By Malinda Seneviratne –
Api venuwen api (all of us for all of us) was a defining slogan as the entire nation stood with the President, the Government and the security forces in the last years of the struggle to rid the country of the terrorist menace. Today, almost four years later, the country faces another test, this time from external sources. A few days from now the UNHRC will take up a US sponsored resolution on (read ‘against’) Sri Lanka. Given realities of global power balance (and imbalance) in all likelihood, the resolution will pass. There is very little that Sri Lanka can do about international busybodies with pernicious agendas backed by bucks and guns, not even if Sri Lanka had the finest diplomats on earth.
As is mentioned in the Dhammapada (Verse 11, Sariputta Thera Vattu), ‘those take untruth for truth; they take truth for untruth, persons can never arrive at the truth, for they hold wrong views’.
The silver lining, paradoxically, in these trying circumstances is the opportunity to separate friend from friend-claimant. India, for example, is said to be negotiating another ‘watered down’ resolution, but this should not fool anyone. India would love to come off as ‘friend’ even as it wrangles a resolution that will keep Tamil Nadu happy and its interests in Sri Lanka safe from usurpation by China (for example).
Come next Sunday, we will know.
Whatever happens, Sri Lankans must reconcile to the fact that in the face of adversity and in times of celebration we are best when we are united, i.e. when we are in api venuven api mode.
Now absolute unity in any polity is a myth. We can only speak of degrees of unity. We can be united against a common enemy, even if we are at odds with one another. Sometimes adversity prompts blaming. When faced with storms beyond our strength we take our frustrations out on lesser ‘enemies’. Sometimes we even conjure enemies where there are none.
It is not possible of course to explain animosities between followers of different faith in terms of what’s happening in Geneva right now. However, regardless of Geneva, it is prudent to reflect on the notion of unity and the attendant virtues of tolerance, compassion and wisdom as we struggle to obtain and experience the full meaning of the term ‘citizenry’ in a post-terrorism Sri Lanka.
There is reality and there is perception. Human beings are frail and this frailty cuts across all identity markers, all faiths, all ethnic groups, all classes, castes and age groups. No community can claim it is blameless in taunting, causing grievous hurt and insulting another. It is this very fact that is used by those persuaded by less than religious motives to make point, exaggerate, raise anxiety level and in these and other ways mobilize the lowest human sentiments for political projects that have nothing to do with the teachings they profess to abide by.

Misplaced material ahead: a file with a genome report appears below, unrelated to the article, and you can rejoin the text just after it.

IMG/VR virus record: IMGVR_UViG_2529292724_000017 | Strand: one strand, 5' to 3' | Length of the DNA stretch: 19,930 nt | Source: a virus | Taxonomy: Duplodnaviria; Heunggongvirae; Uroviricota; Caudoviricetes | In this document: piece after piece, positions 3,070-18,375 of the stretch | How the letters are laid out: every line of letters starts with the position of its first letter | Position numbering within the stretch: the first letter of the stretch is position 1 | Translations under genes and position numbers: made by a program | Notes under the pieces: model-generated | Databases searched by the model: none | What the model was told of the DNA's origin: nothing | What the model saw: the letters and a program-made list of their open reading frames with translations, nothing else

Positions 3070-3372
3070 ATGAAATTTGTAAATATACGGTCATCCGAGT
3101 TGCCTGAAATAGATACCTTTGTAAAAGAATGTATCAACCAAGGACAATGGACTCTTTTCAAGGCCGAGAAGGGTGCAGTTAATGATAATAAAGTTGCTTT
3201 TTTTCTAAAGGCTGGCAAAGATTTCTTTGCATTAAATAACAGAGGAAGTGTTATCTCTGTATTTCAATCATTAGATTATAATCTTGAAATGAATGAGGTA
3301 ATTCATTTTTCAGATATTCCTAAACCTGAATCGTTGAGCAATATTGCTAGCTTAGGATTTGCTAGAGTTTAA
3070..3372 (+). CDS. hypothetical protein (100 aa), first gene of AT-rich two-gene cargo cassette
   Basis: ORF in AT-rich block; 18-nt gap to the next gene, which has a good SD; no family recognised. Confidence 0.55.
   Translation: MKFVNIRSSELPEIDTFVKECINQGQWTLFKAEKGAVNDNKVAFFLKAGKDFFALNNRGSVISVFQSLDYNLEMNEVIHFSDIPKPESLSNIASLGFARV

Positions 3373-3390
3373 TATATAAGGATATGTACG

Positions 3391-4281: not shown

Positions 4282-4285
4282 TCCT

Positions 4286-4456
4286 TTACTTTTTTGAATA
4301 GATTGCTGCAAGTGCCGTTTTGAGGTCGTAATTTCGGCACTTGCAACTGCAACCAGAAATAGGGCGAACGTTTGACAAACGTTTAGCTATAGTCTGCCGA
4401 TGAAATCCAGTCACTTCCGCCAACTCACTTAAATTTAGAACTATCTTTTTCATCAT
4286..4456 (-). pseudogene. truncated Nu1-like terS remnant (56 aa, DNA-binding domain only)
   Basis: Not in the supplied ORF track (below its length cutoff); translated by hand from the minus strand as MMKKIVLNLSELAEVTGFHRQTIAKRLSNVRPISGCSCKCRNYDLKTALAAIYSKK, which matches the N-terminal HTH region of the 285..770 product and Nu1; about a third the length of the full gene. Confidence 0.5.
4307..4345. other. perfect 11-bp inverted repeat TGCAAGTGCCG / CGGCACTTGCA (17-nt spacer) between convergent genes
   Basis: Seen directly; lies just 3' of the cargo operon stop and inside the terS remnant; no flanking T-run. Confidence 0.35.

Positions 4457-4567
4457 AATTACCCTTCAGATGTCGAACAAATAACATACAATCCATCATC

Religious fervor is an easily sharpened sword. Those who use that instrument have an edge over those who are probably closer adherents to fundamental tenets. All the more reason for those who would hesitate to be swayed by religious-politics to stand up and be counted, stand up and stand between executor and would-be executed, literally and metaphorically.
A good Buddhist is a good human being. So too a good Hindu, a good Muslim and a good Christian. All religious texts are made for interpretation and therefore for pernicious misinterpretation. That’s politics. But all texts contain notions of tolerance, compassion, giving and wisdom.
People say we cannot afford another ‘July 1983’. The reasons, it is claims, is the flak Sri Lanka will receive internationally. This is not true. We cannot afford another ‘July 1983’ not because of the exaggerations it will spawn, the distortions and the political instability, but that it will leave us impoverished in terms of how we relate to each other, individually and as collectives.
Extremism is not always produced by extremists. The TULF was ‘moderate’, the LTTE was not. But malice, exaggeration of grievance, inflation of aspiration, provocation, planting of mistrust etc., unleash forces that are beyond the control of the unleashing entity.
A ‘Good Buddhist’ would be a failure if he let anyone in his/her name or the name of ‘Buddhism’ harm anyone of any other faith, whatever wrong he/she may have done. ‘Revenge’ has no place in Buddhism. Neither is it resident in Hinduism, Islam or Christianity. Infringement of the law has to be taken care of law enforcement authorities, not private citizens. If laws are deficient or law enforcement authorities errant, then these flaws have to be corrected. We cannot have unauthorized entities interpreting the law and enforcing it.
Api (us) is not an ethnic-specific term. It is an inclusive one and moreover one that finds resonance in all faiths. If a Muslim does not recognize the humanity of a non-Muslim then he is a lesser Muslim. The same holds for a Buddhist. If a Buddhist sees a lesser creature in a Christian then he/she diminishes him/herself and his/her fellow Buddhists.
We are nothing if we are not all.
*Malinda Seneviratne is the Chief Editor of ‘The Nation’ and his articles can be found at www.malindawords.blogspot.com